In 1941 I read a book which had a tremendous influence on my medical thinking, an influence that lasts right up to today. Now my thinking has been reinforced by the fourth edition of the same book—one which every physician, every criminologist, and every psychiatrist, in fact every layman who would like to be well educated, ought to be reading. It is Dr. Hervey Cleckley's The Mask of Sanity.
Dr. Cleckley called it The Mask of Sanity, because the people he describes seem to be sane. Legally they have to be classed as sane; they don't fit into a mental hospital because they are bright and attractive; they talk and argue sensibly and they have no delusions or hallucinations; but in one most distressing way they lack sanity—they just cannot behave themselves in our civilization.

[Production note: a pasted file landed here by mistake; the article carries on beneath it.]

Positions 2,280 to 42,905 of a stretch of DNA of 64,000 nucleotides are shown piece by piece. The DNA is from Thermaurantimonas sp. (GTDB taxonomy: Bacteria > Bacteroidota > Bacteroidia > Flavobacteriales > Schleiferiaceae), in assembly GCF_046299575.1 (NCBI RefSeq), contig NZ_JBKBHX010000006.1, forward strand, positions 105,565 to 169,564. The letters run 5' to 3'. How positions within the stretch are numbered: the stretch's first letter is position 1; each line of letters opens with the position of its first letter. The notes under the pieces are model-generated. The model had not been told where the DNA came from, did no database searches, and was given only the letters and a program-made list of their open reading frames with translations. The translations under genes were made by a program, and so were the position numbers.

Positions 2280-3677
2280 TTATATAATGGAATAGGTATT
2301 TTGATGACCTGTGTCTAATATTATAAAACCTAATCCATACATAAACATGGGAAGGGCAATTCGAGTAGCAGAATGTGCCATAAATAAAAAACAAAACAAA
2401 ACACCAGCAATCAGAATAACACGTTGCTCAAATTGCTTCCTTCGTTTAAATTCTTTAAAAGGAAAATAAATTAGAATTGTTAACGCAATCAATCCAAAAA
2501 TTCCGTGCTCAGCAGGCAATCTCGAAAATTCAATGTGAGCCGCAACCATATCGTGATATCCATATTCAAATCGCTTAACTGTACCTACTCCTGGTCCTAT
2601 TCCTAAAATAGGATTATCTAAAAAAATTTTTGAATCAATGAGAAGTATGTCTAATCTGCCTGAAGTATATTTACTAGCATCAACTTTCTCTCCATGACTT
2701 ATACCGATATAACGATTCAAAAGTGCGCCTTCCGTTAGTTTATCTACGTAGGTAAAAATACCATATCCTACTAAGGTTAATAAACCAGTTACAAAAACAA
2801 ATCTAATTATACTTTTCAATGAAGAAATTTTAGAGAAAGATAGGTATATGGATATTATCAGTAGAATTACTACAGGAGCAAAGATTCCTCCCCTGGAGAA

Like mischievous children in grown-up bodies, they are always getting themselves arrested, but their crimes